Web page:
As a dual to readable stream cancellation, it's possible for a source to be unable to produce any more data, usually because of an error. In this case, any writable streams it is being piped to should not leave their underlying sinks open indefinitely; instead, they themselves should be given a abort signal.

This signal is similar to, but different than, the "close" signal described above. It implies that the data written so far is not meaningful or valid; that any queued writes should be discarded; and that a cleanup operation should be performed. For example, when a file stream represents a newly-created file, a close signal waits for all queued writes to complete, then closes the file descriptor; a new, complete file now exists on the disk. But a abort signal would throw away any queued writes and delete the file.

Other

The stream API should be agnostic to what type of data is being streamed.

Although underlying sources and sinks will often produce or accept only binary data, this should not prevent writing streams that contain other types of data, for example strings, objects, or frames of video. Such streams are extremely useful for programmers, both for direct consumption (consuming a string stream or stream of parsed objects is more useful than consuming ArrayBuffers directly), and for producing composable transform streams. We should also provide some byte-specific features for performance but it should be a superset of the normal generic stream API (see the "Byte Streams" section).

By ensuring the generic stream API is agnostic to the type of data that the stream contains, it is possible to create streams for such disparate objects as HTML elements, database records, RPC messages, semantic events from remote systems, synchronization deltas for CRDTs, and user input events. By allowing all such streams to be composed together with a single uniform interface, you allow complex systems to be built while still benefiting from all of the features that streams manage for you, such as automatic backpressure, queuing, and abort signals.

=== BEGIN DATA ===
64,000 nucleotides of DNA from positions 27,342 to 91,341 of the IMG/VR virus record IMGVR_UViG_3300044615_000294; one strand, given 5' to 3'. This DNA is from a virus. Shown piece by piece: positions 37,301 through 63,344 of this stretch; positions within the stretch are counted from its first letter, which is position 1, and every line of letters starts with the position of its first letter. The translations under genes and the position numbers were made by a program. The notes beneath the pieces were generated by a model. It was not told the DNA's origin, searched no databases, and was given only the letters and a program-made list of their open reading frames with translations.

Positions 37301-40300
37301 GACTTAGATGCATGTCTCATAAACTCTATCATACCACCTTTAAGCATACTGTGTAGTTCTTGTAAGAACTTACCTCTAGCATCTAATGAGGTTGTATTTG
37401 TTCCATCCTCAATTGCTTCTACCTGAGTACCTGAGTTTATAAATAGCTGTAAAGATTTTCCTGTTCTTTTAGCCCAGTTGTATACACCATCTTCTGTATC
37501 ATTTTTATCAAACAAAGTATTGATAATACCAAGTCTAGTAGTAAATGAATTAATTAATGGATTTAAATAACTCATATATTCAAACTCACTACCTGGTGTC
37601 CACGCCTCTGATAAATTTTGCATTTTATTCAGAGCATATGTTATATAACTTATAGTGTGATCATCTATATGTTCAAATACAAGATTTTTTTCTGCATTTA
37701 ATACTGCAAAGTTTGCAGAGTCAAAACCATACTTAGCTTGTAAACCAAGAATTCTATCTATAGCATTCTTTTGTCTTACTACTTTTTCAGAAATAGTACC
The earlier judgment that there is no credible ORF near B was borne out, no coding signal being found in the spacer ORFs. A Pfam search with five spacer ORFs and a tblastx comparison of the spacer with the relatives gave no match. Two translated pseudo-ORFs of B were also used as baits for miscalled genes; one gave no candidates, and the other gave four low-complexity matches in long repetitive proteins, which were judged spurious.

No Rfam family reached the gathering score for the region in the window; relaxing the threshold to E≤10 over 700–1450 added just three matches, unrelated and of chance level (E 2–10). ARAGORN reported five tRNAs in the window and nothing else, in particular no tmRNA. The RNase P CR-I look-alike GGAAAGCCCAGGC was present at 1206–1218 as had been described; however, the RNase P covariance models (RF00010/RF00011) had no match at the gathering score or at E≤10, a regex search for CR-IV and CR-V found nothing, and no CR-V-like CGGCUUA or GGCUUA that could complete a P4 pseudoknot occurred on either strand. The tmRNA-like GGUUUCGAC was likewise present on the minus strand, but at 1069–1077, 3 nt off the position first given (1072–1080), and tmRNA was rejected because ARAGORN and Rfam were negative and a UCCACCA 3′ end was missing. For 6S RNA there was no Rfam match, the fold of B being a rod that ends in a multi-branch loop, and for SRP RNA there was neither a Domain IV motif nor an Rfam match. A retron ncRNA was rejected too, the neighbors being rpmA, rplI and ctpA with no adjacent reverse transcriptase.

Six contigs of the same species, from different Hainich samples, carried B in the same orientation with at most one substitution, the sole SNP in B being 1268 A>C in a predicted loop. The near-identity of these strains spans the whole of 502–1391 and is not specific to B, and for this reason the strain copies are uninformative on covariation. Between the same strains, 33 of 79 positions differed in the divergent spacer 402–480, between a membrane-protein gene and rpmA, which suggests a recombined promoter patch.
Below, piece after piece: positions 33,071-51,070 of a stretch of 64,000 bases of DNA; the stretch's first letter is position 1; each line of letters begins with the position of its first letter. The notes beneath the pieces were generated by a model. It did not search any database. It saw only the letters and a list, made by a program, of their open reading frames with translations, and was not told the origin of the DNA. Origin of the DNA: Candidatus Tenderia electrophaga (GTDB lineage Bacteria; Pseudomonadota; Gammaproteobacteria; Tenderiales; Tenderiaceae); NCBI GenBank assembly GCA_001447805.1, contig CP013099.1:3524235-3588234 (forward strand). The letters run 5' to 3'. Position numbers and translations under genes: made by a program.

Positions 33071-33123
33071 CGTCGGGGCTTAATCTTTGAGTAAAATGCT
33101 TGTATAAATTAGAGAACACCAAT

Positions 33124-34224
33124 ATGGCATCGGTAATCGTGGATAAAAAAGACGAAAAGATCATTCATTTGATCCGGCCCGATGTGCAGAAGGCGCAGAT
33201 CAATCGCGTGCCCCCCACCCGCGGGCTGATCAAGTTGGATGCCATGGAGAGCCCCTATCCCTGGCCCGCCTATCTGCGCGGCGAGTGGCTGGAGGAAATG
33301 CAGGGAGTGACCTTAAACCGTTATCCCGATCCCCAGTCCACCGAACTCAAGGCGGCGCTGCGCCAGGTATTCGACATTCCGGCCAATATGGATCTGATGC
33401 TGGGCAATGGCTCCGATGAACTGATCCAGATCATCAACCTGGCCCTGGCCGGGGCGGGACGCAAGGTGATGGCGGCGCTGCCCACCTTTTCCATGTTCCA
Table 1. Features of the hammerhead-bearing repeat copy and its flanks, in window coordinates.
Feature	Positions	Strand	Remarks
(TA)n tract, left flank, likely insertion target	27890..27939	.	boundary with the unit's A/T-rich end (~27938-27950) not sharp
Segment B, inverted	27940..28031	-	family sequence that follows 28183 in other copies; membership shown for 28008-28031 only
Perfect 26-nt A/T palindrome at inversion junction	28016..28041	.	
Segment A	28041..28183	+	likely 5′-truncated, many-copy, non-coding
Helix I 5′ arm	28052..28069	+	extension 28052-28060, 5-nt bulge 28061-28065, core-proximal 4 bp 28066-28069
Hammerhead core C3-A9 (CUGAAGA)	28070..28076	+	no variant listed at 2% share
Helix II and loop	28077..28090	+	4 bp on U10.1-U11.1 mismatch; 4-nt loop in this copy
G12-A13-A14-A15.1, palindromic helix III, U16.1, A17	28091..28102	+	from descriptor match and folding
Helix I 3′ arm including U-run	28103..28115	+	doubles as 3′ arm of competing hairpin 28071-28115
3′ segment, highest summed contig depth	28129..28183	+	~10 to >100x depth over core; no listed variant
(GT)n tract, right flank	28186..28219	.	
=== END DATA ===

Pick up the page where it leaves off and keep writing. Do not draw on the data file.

This poses challenges, mainly regarding the queuing strategy for applying backpressure when it is unclear how much memory a piece of streaming data might take up. This is largely stream-specific, and the best you can do is make it easy for user-created streams to inform the implementation of relevant data, and provide a few useful defaults like a byte counter for ArrayBuffers, a character counter for strings, or a generic object counter for most others. But compared to an implementation that restricts itself to a few binary or string data types, it provides a much more useful, extensible, and forward-thinking abstraction.

You must be able to create representions of "duplex" data sources.

A common I/O abstraction is a data source that is both readable and writable, but the input and output are not related. For example, communication along a TCP socket connection can be bidirectional, but in general the data you read form the socket is not governed by the data you write to it.

One way enable this concept is to allow readable and writable stream interfaces to both be implemented, by ensuring they do not overlap (e.g. don't both have a "state" property or "error" event). Thus these duplex interfaces are simple streams that are both readable and writable, so e.g. you would be able to do both socket.read() and socket.write(data).

Another way is to demand that such duplex interfaces represent their readable and writable streams separately, e.g. via readable and writable properties. In this case you would do socket.readable.read() and socket.writable.write(data). This may feel more awkward for certain cases (like a TCP socket), but more natural in others (like a terminal, which traditionally has both stdout and stdin). It also has the advantage of allowing you to hand out the readable interface without granting write access, or vice-versa.

You must have a simple way to determine when a stream is "over".